Imagine the surprise of patients who have been isolated for days, weeks and months by covid-19 when they see a character dressed in protective overalls, gloves, a mask, a face shield and & mldr; enter their hospital room. A red nose! For now, in Spain this scene can only exist in the imagination for various reasons: due to the restrictive protocols that govern health centers, the widespread idea that laughter does not paint anything in situations of suffering and by prejudices towards the figure of the clown. However, these professionals have been operating throughout the pandemic in hospitals in Israel, including covid-19 wards.
“These patients suffer extreme loneliness and for us, as an integral part of the medical team, it is natural to give them emotional support and empower them to overcome the disease, “explains Tsour Shriqui, director of the Israeli project. Dream Doctors. Shriqui was one of the speakers at the first journey Humor x Health Day organized last Tuesday by Pallapupas. The meeting brought together 350 people and showed that emotional well-being is the great forgotten of the pandemic.
“Now or never”
“They tell us that now is not the time to laugh, that we have to take things seriously,” said the founder and director of the Catalan organization of hospital clowns, Angie Rosales. “But we tell politicians and health managers they are wrong. Now or never is the time to incorporate humor and laughter as a part of the therapy that we all need to lower the levels of anguish, uncertainty and frustration “.
The reference epidemiologist Antoni Trilla picks up the glove on the possibility of opening the covid rooms to these professionals, who were separated during the first wave and currently can only enter 4 of the 15 centers where they used to act before the pandemic. “If the safety conditions are met from the biological point of view so that there is no risk of contagion, it may be an action to consider for certain patients with covid-19 & rdquor;, he says.
Trilla values the usefulness of humor above all to face long recoveries from the coronavirus and also to mitigate the psychic and emotional fatigue of health personnel: “Sometimes we see everything black and, although someone may consider it inappropriate, I believe that humor is worth using as an escape valve to de-stress“.
While here it is still in the planning phase, in Israel (a country also very affected by the pandemic) they do not hesitate to let in the red nose, the shoes and the ukulele in the isolation rooms. “Do you know what the only good thing about the covid is?” Shriqui says, anticipating the question of how they can make humor by going so covered. now people look much more in the eyes. In addition, the clown also communicates with body language and music “.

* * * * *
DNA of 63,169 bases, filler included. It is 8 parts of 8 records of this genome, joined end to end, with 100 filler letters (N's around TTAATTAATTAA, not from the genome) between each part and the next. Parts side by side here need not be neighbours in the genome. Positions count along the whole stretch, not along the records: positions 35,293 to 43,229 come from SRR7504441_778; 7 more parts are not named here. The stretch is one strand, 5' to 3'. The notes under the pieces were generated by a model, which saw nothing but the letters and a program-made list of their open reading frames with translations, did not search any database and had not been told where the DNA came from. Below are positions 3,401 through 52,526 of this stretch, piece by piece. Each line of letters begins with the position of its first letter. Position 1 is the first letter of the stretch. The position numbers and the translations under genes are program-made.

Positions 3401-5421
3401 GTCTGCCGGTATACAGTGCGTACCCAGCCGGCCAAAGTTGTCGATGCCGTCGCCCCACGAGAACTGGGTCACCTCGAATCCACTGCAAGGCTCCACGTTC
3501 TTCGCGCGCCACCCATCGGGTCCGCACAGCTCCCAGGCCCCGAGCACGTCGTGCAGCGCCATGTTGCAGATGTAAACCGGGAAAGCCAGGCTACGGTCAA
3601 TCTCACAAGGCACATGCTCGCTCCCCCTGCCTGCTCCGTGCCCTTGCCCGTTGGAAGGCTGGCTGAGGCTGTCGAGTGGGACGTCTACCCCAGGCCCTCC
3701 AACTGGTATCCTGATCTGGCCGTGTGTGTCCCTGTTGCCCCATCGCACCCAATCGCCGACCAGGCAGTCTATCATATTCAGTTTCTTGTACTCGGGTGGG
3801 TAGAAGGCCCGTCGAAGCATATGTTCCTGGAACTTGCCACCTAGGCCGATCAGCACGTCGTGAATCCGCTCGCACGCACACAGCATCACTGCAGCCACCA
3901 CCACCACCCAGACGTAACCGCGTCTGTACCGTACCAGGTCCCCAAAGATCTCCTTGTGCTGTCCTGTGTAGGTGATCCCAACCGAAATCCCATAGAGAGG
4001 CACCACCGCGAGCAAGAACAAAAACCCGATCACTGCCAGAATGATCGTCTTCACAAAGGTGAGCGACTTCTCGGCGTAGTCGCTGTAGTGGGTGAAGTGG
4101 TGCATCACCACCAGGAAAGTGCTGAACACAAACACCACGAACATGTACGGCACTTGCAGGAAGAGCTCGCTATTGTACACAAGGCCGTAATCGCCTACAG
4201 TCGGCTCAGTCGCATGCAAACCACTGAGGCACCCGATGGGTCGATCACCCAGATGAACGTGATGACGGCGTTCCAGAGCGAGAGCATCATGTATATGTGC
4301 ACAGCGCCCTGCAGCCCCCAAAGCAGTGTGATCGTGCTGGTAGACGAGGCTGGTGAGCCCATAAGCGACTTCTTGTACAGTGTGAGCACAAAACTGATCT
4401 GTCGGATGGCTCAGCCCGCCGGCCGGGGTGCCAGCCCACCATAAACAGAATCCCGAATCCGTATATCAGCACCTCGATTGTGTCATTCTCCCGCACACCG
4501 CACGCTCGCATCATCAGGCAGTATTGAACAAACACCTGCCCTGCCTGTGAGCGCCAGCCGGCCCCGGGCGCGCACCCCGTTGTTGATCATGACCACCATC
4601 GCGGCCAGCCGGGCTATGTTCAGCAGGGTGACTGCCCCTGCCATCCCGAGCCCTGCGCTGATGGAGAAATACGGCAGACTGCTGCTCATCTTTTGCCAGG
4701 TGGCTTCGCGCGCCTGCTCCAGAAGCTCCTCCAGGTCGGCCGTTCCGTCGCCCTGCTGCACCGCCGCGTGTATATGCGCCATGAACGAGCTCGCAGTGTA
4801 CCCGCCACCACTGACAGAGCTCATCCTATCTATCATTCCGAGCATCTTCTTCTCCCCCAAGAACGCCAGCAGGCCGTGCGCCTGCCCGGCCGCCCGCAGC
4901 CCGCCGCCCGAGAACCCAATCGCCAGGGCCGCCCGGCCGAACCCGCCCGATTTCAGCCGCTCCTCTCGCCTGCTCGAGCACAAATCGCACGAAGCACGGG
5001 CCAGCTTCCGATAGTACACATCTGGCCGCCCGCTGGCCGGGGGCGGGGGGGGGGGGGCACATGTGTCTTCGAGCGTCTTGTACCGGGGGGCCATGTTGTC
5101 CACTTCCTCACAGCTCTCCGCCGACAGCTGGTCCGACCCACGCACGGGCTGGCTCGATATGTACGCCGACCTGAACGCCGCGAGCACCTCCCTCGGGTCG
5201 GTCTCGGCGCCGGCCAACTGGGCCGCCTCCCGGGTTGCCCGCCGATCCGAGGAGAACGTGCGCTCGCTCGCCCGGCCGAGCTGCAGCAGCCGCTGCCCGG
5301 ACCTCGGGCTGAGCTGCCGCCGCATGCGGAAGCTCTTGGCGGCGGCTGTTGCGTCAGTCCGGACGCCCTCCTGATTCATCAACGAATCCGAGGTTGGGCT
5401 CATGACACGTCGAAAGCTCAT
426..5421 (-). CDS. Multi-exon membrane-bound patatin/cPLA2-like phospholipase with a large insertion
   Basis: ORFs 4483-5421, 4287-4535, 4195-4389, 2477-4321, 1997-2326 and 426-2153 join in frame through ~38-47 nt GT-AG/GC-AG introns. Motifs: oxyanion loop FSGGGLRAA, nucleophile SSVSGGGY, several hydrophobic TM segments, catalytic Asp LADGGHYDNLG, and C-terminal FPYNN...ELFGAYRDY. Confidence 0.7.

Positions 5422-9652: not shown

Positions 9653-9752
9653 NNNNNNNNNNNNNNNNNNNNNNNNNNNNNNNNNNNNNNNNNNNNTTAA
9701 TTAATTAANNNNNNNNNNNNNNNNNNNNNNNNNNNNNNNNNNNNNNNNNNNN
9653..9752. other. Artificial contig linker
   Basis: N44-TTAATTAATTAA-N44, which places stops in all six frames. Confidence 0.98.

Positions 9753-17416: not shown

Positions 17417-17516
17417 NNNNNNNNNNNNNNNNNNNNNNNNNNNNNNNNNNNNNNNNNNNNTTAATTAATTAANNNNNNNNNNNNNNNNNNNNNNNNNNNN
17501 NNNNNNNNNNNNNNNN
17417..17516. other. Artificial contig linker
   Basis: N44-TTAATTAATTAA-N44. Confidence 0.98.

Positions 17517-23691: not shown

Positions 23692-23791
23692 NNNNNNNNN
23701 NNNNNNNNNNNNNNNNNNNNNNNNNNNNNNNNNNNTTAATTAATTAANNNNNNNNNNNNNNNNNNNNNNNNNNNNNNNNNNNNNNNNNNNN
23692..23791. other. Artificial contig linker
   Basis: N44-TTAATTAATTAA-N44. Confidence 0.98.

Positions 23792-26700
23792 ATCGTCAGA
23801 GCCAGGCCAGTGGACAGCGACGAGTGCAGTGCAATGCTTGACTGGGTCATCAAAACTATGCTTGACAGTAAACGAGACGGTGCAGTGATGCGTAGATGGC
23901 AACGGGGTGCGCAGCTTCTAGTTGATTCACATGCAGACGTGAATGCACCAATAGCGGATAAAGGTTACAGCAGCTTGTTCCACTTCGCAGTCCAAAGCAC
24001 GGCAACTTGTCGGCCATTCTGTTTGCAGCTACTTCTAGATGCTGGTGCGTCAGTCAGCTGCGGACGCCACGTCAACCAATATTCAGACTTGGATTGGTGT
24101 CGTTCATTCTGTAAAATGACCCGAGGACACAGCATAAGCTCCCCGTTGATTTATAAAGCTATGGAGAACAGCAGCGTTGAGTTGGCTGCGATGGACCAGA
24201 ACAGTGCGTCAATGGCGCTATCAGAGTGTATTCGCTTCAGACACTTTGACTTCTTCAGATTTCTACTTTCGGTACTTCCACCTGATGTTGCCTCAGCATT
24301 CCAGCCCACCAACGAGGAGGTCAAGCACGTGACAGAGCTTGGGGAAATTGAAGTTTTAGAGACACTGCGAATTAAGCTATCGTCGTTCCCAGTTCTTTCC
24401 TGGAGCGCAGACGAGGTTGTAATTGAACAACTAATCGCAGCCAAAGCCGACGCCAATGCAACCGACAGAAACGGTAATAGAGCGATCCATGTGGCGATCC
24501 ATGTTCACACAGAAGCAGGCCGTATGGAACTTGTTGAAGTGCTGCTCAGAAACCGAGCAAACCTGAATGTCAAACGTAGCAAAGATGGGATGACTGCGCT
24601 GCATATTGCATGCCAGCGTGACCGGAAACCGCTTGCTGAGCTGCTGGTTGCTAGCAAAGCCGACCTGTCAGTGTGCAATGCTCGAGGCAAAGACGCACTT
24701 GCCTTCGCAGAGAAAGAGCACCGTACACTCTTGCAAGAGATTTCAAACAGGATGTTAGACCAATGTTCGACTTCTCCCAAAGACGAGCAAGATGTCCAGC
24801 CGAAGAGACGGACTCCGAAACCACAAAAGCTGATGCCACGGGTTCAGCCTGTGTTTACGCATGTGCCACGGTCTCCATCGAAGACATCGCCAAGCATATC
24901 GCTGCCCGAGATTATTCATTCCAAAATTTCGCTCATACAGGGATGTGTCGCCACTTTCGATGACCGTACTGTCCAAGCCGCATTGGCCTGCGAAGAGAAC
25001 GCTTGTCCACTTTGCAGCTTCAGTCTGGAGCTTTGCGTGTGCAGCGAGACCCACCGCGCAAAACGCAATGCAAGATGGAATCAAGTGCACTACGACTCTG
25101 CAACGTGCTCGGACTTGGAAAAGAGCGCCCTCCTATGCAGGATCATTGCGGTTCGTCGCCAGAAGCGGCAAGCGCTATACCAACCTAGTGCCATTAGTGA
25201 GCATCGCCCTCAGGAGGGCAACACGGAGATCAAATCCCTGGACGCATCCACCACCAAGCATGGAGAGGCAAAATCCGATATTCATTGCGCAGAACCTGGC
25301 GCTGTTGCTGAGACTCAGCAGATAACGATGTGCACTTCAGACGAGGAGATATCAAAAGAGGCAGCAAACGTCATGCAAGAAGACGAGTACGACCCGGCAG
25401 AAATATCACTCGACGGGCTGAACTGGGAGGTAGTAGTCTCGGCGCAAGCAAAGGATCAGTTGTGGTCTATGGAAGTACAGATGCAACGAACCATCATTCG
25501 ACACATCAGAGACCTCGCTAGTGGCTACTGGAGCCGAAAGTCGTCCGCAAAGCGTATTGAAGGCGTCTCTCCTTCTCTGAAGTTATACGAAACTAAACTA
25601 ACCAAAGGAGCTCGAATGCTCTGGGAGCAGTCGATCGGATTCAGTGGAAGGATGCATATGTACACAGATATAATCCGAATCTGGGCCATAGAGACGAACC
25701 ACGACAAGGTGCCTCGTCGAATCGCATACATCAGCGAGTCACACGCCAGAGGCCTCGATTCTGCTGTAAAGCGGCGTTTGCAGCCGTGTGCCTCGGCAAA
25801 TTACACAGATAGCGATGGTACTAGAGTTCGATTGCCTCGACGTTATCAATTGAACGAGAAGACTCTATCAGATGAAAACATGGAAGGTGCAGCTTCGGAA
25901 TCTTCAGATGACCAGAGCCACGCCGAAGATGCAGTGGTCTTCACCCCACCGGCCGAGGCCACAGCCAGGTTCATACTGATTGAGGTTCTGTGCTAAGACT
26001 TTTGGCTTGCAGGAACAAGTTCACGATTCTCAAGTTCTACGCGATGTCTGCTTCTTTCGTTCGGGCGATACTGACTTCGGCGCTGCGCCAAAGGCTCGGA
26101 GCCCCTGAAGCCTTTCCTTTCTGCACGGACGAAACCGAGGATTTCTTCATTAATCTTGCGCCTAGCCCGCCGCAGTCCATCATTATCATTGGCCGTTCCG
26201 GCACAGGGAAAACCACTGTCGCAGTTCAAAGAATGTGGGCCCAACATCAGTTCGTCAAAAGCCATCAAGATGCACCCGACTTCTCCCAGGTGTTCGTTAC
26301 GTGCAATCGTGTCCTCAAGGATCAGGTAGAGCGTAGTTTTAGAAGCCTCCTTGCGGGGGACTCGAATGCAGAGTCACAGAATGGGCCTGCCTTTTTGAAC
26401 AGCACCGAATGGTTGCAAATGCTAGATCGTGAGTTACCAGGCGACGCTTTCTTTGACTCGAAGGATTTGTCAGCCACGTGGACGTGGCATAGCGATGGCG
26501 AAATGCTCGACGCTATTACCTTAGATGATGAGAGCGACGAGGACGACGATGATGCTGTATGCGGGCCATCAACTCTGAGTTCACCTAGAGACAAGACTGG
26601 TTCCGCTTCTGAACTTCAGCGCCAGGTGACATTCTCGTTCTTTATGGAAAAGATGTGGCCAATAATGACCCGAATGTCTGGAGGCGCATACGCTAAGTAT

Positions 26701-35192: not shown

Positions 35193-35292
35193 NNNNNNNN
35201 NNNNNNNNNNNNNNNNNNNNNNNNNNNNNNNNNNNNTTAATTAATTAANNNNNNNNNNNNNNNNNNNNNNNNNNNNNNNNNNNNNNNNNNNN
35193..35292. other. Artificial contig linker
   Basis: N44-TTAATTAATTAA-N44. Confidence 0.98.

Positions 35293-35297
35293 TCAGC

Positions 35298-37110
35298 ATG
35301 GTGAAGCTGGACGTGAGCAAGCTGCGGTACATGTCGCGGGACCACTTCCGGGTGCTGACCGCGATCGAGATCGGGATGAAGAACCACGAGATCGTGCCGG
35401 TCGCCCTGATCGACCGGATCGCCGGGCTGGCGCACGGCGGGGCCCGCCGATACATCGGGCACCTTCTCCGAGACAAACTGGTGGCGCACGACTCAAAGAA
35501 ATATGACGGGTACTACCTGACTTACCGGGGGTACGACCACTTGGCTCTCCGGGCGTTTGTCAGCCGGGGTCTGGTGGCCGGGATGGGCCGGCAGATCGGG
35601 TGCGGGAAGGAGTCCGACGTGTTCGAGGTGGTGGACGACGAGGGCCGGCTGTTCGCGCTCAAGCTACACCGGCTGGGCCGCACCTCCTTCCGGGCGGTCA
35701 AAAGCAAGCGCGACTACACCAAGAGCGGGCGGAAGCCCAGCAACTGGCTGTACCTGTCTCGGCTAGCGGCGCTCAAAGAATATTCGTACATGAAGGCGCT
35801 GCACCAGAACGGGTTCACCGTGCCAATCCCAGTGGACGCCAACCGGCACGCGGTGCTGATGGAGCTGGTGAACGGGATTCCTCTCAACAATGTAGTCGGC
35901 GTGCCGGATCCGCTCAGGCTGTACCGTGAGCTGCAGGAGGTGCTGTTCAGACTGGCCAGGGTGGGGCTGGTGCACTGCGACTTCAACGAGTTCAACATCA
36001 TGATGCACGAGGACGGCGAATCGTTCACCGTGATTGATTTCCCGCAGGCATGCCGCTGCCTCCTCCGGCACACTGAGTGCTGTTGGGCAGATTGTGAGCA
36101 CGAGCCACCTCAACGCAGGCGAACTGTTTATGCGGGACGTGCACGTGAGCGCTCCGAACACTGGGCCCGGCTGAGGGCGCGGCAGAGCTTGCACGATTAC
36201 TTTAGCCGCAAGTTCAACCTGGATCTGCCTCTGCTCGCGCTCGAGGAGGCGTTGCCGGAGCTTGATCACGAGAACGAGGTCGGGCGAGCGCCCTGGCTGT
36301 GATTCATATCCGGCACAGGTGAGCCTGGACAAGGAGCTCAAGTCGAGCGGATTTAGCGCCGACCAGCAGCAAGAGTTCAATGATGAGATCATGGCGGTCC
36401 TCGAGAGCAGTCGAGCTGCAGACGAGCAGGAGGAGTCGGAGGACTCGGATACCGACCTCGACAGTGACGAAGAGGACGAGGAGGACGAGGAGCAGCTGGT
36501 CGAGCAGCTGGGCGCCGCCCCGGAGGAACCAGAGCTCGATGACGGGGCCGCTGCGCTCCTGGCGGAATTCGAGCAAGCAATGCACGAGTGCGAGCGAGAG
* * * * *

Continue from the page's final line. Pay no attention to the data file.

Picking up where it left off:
For this situation to occur here, Angie Rosales believes that it would have to occur “a change of mind”, both by health personnel and patients: “We have a very biologist approach to medicine and that is from the last century. In 2009 the WHO already warned that we must move towards a model of bio-psycho-social medicine that takes into account all the factors that contribute to a disease “.
During the Humor x Health Day event, the results of a study commissioned by Pallapupas were presented, according to which their interventions with cancer patients reduce the anguish of patients by 40%. Too some myths fell, such as the perception that hospital clowns are volunteers and only for children.
“We are prepared to adapt humor to all situations, even with terminal patients -assures Rosales-. Has a person ever cried when he saw us, but That is the greatness of the clown, which connects us with life and helps us to recognize ourselves and show ourselves as vulnerable beings“.
Carmen Arriaza met these professionals when her daughter was admitted for an accident and the Pallapupas helped her to lose your fear of white coats. Last year, when she underwent breast cancer surgery, she met them again during radiotherapy: “That they make you laugh under those circumstances is a shot of the best medicine “, opines. So good is his experience that he proposes the creation of “an average grade of hospital clowns”. In fact, the Faculty of Medicine of the University of Barcelona has an optional subject on Pallapupas.